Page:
Tap into Sweet Traditions at Two DuPage Forest Preserves
(Feb. 16, 2017) —Find out where maple syrup comes from by attending one of three Forest Preserve District of DuPage County programs, starting with “Maple Syrup! Kids’ Day Off” on Friday, March 3 at Fullersburg Woods Nature Education Center at 3609 Spring Road in Oak Brook.
“These programs are a wonderful opportunity to discover the behind-the-scenes process of making maple syrup,” said Forest Preserve District of DuPage County President Joe Cantore.
“Maple syrup season is a sure sign that spring is right around the corner,” said Forest Preserve District Commissioner Jeff Redick, District 2.
Maple Syrup! Kids’ Day Off
Enjoy a sugaring adventure through the woods to discover how Native Americans and pioneers made maple syrup. Learn how to identify and tap maple trees, collect sap, and boil sap into syrup. Two programs — one for ages 6 ‒ 8 and one for ages 9 ‒ 13. Cost is $60 per person. Register online or by calling 630-850-8110.
Discover how sap becomes syrup! See how to tap trees with tools from the 1890s, help check the collection buckets, watch sap thicken over the fire, and try a taste of real maple syrup. These one-hour tours start at 9 and 10:30 a.m. and 12:30, 2 and 3:30 p.m. Ages 6 and up; under 18 with an adult. $5 per person. Register online or at 630-876-5900.
Get Sticky! Maple Syrup Day
Discover the sweet secret of turning tree sap into syrup and enjoy samples along the way on a 75-minute guided tour. Tours start every 20 minutes. All ages. $10 per person. Register online or at 630-850-8110.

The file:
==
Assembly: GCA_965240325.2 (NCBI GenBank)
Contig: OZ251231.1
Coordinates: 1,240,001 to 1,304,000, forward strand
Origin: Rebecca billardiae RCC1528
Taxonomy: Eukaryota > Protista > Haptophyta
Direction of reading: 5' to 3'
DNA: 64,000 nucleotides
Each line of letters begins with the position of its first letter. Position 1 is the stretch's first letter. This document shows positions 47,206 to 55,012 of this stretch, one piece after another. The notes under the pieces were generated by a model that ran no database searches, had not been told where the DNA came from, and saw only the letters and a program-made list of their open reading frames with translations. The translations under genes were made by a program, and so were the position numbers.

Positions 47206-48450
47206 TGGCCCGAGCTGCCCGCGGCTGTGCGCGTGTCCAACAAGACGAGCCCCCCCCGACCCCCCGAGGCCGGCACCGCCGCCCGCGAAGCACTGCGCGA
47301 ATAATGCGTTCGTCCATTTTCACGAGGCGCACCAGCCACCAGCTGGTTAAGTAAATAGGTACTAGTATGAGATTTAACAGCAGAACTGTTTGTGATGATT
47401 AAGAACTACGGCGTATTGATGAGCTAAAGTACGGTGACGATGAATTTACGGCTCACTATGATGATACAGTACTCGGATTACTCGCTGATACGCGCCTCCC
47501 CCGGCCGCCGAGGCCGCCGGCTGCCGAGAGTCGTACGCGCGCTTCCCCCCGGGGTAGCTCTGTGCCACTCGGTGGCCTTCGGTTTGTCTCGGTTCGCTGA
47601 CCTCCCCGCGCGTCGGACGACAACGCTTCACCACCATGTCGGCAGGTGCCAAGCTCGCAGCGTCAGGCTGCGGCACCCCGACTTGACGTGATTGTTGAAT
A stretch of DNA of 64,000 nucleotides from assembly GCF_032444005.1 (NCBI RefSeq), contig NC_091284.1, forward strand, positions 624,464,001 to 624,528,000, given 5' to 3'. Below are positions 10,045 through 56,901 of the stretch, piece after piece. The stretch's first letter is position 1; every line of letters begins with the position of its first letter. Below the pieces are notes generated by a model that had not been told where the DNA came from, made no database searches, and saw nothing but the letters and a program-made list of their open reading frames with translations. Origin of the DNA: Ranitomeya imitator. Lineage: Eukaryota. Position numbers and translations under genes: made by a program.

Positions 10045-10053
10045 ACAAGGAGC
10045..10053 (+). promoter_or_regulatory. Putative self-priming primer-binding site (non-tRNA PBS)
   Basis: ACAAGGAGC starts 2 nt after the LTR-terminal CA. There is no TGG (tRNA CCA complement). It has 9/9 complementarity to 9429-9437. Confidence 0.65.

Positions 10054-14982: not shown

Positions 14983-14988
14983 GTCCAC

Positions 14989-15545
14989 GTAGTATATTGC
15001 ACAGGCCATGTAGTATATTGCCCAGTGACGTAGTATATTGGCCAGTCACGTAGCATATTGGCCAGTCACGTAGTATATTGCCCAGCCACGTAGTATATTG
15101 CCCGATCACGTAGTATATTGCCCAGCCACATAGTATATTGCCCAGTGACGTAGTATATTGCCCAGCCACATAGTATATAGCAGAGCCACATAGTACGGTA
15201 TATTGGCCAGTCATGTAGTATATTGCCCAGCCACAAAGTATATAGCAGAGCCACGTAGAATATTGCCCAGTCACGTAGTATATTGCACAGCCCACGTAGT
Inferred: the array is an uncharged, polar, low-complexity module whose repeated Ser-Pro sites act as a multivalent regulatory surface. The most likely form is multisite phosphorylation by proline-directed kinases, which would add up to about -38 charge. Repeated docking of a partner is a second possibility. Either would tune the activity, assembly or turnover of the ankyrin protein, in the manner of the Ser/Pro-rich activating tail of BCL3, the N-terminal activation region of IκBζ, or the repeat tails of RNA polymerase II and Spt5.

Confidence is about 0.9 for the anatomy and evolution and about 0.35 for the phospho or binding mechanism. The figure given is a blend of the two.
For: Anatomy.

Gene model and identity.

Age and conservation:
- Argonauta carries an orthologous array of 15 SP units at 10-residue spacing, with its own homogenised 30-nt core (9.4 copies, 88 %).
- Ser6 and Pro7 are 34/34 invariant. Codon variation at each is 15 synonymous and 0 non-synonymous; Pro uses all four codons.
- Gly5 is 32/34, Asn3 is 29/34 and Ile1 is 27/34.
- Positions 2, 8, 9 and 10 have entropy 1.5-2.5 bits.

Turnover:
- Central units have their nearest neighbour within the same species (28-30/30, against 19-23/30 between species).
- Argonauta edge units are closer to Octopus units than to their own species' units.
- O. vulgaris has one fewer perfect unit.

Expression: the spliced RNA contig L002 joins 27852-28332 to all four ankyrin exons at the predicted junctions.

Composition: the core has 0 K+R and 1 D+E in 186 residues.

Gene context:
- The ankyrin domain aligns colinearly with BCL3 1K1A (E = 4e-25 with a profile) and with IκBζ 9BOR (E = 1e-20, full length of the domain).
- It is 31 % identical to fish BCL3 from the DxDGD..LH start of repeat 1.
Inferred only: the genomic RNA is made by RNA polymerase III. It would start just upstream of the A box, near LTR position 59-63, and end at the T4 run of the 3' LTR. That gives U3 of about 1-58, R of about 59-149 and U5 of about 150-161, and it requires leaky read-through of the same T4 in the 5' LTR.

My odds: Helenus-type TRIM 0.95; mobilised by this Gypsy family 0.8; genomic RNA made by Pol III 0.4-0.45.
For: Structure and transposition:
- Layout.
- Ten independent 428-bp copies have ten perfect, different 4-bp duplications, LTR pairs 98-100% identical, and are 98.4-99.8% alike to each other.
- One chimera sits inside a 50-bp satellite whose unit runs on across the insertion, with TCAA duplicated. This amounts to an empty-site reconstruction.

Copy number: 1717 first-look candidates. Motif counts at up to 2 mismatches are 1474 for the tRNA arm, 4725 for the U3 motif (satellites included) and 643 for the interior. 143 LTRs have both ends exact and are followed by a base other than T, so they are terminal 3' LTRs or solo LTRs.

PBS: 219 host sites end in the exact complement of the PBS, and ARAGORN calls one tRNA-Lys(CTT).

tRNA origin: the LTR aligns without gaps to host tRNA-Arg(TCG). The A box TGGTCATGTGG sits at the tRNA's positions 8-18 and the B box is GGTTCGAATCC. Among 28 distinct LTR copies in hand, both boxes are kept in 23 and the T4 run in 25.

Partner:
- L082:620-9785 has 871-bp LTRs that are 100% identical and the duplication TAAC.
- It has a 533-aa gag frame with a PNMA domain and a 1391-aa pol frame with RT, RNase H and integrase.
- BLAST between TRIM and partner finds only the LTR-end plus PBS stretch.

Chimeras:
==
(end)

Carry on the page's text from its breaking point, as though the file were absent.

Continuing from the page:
To make syrup, sap is collected from trees and then boiled until the remaining liquid has the right sugar content. Depending on the initial sugar content of the sap, 40 to 50 gallons of sap are needed to make one gallon of syrup. Maple syrup is only produced in certain parts of the U.S. and Canada and only at this time of year due to specific weather requirements. At one time maple syrup was one of the few sweeteners available in much of North America.
The Forest Preserve District of DuPage County has been connecting people to nature for more than 100 years. More than 4 million people visit its 60 forest preserves, 145 miles of trails, five education centers and scores of programs each year. For information, call 630-933-7200 or visit dupageforest.org, where you can also link to the District’s e-newsletter, Facebook, Twitter, Pinterest, Instagram and YouTube pages.
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